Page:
Requirement of Protocol Biopsy Before and After Complete Cessation of Immunosuppression After Liver Transplantation

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Operational tolerance is defined as long-term acceptance of a transplanted organ after complete cessation of immunosuppression (IS), but may not always protect against antigen-dependent changes in graft morphology.


IS free patients after living-donor liver transplantation (LDLT) underwent protocol biopsy (tolerance group [Gr-Tol]) and were evaluated for rejection and fibrosis. The degree of fibrosis was compared with those in the patients on maintenance IS group (Gr-IS) and the base line normal liver group (Gr-BS). When bridging fibrosis or progression of fibrosis was observed, IS was reintroduced or increased in Gr-Tol or in the patients in the weaning process.


Neither acute nor chronic rejection was observed. The degree of fibrosis, however, was significantly greater in Gr-Tol than those in Gr-IS and Gr-BS. In Gr-Tol, the number of graft infiltrating FOXP3+ cells was significantly increased, the interval between LDLT and biopsy plus the donor age was significantly longer, and recipient age at LDLT was significantly younger, compared with those in Gr-IS. However, none of these three parameters correlated with the degree of fibrosis. In 7 of 11 patients in whom IS was reintroduced or increased, the improvement of fibrosis was observed by the subsequent biopsy.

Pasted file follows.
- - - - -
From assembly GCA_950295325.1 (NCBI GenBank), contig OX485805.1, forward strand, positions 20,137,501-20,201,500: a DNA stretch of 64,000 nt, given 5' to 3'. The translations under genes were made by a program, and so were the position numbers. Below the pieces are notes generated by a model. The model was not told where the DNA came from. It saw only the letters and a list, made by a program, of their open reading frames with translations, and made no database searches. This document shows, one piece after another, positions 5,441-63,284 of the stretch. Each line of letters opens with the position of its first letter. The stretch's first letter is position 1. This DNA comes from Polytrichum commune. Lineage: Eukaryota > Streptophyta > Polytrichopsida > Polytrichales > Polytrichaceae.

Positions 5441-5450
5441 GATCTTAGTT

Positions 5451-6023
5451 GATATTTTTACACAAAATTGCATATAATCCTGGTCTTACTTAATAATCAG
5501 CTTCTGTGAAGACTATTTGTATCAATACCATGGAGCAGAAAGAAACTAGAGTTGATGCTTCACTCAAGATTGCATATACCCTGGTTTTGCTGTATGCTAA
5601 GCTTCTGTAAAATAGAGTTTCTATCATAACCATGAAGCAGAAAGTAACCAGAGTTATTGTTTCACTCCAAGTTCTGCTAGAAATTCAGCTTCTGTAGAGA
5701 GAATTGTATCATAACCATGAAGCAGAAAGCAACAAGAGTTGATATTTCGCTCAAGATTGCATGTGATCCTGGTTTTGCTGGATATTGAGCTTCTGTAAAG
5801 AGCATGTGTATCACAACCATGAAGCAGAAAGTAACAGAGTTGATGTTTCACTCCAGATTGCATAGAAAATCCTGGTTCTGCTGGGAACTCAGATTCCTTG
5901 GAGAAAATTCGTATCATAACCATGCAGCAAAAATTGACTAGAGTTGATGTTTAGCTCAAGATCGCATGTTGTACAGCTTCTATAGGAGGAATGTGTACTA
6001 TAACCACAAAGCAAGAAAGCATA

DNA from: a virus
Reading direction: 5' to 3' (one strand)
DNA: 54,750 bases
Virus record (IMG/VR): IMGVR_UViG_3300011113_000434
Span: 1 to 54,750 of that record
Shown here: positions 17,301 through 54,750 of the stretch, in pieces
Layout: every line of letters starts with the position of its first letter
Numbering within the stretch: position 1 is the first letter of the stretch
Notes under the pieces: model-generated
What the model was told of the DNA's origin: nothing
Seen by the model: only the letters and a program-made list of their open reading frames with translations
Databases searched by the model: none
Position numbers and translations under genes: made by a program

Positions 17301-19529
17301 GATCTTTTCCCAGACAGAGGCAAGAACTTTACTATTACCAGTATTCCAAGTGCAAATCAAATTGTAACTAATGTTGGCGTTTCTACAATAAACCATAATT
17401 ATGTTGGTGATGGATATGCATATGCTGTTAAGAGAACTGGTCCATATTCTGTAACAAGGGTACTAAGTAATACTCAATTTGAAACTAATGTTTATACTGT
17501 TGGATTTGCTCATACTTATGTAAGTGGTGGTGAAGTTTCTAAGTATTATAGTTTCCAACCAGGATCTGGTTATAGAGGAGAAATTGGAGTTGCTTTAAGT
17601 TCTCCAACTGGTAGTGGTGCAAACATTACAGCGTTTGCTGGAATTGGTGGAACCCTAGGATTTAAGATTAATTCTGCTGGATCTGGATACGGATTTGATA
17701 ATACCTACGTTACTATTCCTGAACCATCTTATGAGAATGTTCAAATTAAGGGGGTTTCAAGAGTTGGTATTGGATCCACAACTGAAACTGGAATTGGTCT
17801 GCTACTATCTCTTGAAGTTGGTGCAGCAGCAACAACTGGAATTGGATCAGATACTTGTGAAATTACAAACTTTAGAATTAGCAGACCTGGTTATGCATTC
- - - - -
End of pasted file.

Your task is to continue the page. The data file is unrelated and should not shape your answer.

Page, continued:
Grafts of operationally tolerant patients after LDLT did not exhibit acute or chronic rejection, but they exhibited fibrosis. It remains elusive whether fibrosis observed in tolerant grafts is antigen dependent. The finding that after the reintroduction or the increase of IS fibrosis was improved supported the possibility that fibrosis in operationally tolerant patients was antigen dependent.

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